Whose Site Is it Anyway?

In the Dock

India ranks sixth among countries where cyber squatting complaints filed with WIPO originated
CountryComplainants
USA  528
UK  95
France  64
Germany  32
Switzerland  29
India  28
Australia  27
Japan  24
Brazil  22

A few weeks ago, news broke that liquor baron Vijay  Mallyahad grabbed obvious site names of rival Manu Chhabria–manuchhabria.net,mrchhabria.com and directorsspecial.com. In cyber world, this is a case ofsquatting.

Another report said that unscrupulous persons had even bookeddomain names representing governments–governmentofindia.com,delhigovernment.net and tamilnadugovernment.com to name a few.

Cybersquatters generally grab an available Internet domainname of obvious value, hold and re-sell it to the highest bidder. Ends thatpeople go to earn quick money–an Australian even changed his name to avoid acyber squatting eviction lawsuit. Doc Seagle, who registered the domain Oxford-University.comin December 1998 is now legally called Oxford University.

A well-formulated law on cyber squatting can be a solution.Dewang Mehta, president, Nasscom, says, “It is a complex subject–itcertainly can be enforced for trademark violations but becomes difficult incases which involve personal names. Therefore, a need for arbitration. Also, aglobal law is required, otherwise it becomes difficult to implement.”

Scouting for solutions

Worldwide,this issue is being addressed both by the Internet Corporation for AssignedNames and Numbers (ICANN) and the Geneva-based World Intellectual PropertyOrganization (WIPO). Effective measures are evolving–ICANN set up a workinggroup in September 1999 to prevent registration of domain names “in badfaith” representing well-known organizations, and WIPO looks at cases thatviolate copyright.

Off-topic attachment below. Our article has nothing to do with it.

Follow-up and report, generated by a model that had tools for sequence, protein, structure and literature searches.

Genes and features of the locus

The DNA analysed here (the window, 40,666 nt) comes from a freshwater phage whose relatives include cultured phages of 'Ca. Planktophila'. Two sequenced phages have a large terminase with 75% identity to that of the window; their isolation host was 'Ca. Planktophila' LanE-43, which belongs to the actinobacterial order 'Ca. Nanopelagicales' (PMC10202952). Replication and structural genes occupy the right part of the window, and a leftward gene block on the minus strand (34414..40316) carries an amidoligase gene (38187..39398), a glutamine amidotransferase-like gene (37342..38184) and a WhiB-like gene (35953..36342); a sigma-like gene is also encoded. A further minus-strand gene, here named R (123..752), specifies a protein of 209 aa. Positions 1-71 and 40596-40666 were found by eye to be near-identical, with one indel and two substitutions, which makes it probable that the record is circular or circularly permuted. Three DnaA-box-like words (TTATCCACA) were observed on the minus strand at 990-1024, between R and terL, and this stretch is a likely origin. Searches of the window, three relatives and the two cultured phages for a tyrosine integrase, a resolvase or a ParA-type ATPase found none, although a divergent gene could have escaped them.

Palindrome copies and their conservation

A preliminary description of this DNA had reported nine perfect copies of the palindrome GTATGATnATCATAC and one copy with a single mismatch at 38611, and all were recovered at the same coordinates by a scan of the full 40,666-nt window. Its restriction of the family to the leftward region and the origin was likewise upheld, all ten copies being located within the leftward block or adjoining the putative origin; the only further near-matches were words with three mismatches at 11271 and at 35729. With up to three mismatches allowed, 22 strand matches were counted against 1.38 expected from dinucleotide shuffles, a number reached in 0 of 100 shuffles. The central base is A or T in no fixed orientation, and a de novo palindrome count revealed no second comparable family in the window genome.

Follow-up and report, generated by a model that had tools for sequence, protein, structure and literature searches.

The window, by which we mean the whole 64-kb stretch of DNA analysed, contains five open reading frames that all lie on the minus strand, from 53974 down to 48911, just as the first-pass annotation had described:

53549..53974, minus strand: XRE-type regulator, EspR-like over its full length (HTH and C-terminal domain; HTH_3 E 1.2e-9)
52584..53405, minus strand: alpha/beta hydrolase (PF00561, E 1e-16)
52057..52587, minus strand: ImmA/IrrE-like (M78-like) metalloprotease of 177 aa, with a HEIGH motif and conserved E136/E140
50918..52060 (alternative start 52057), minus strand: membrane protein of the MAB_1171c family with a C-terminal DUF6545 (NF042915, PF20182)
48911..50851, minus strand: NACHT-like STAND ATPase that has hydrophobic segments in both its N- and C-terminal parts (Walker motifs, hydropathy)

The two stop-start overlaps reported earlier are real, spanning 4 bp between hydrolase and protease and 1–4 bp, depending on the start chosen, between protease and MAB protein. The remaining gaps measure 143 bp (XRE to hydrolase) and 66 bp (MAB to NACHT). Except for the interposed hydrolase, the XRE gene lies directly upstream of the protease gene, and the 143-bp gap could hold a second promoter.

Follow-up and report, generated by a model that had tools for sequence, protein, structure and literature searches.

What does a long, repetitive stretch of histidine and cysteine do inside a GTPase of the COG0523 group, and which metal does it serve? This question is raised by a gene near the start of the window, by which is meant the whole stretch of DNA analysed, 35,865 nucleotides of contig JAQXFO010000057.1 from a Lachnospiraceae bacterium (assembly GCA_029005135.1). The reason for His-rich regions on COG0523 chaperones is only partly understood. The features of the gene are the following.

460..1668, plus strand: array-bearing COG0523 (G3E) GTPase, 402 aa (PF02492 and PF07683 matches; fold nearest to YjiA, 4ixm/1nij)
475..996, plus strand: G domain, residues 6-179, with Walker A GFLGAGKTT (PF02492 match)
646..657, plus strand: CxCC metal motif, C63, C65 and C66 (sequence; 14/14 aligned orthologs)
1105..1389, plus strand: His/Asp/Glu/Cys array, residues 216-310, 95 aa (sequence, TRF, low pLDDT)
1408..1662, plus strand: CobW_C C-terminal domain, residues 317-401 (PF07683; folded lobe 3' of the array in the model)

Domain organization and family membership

In Brazil, Internet registrars have taken the initiative toregulate the sale of domain names, by creating a ‘black list’. The listconsists of famous trademarks that cannot be registered as domain names withoutthe permission of the mark owner.

Setting up of dispute resolution service providers (by ICANN)–Nasscombecame one on August 15, 2000–is another measure against cyber squatting. Thiswas a result of rules drafted by ICANN, backed by America Online andregister.com and voluntarily adopted by 20 domain name registrars. Allregistrars in the .com, .net, and .org top-level domains would follow theUniform Domain-Name Dispute Resolution Policy (UDRP). Under the policy, most ofthe trademark-based domain name disputes will be resolved by agreement, courtaction, or arbitration before a registrar, who can cancel, suspend, or transfera domain name. The trademark owner will need to initiate the dispute by filing acomplaint with an approved dispute-resolution service provider. The number ofdomain name cases filed with WIPO, worldwide, had zoomed from a mere 28 inJanuary this year to 188 in July.

Anti-squat drive

The ultimate responsibility to police a trademark or servicemark resides with the mark owner. As Michael D Palage, chairman, Working GroupB, famous trademark protection, ICANN, says, “Although registries andregistrars are not required to police a mark owner’s rights, they shouldrefrain from activities that knowingly facilitate infringements. The currentrequirements that ICANN accredited registrars are required to adhere to,pre-payment, compliance with the UDRP and verification of faulty registrant databrought to their attention, are reasonable means toward assisting the trademarkcommunity in policing and protecting their marks.”

There are also global domain name watch services that monitornames being registered in the country code and generic top level domains.

Grey areas remain though, particularly with regard topersonal names. Palage says, “Personal names are indeed a complex problem.Initially, UDRP was streamlined to handle abusive domain name registrationinvolving trademarks. However, one can see a push to expand the scope of UDRP tohandle other non-trademark issues such as abusive registrations involvingpersonal names and government agencies.”

But this is likely to be a slow process, as many competinginterests will be at stake. Working Group B too, has left that up to theindividual registries to incorporate in their registry bid–till the groupreaches a consensus on the exact safeguard mechanism for protecting trademarkinterests.

Bijesh Kamath
in New Delhi

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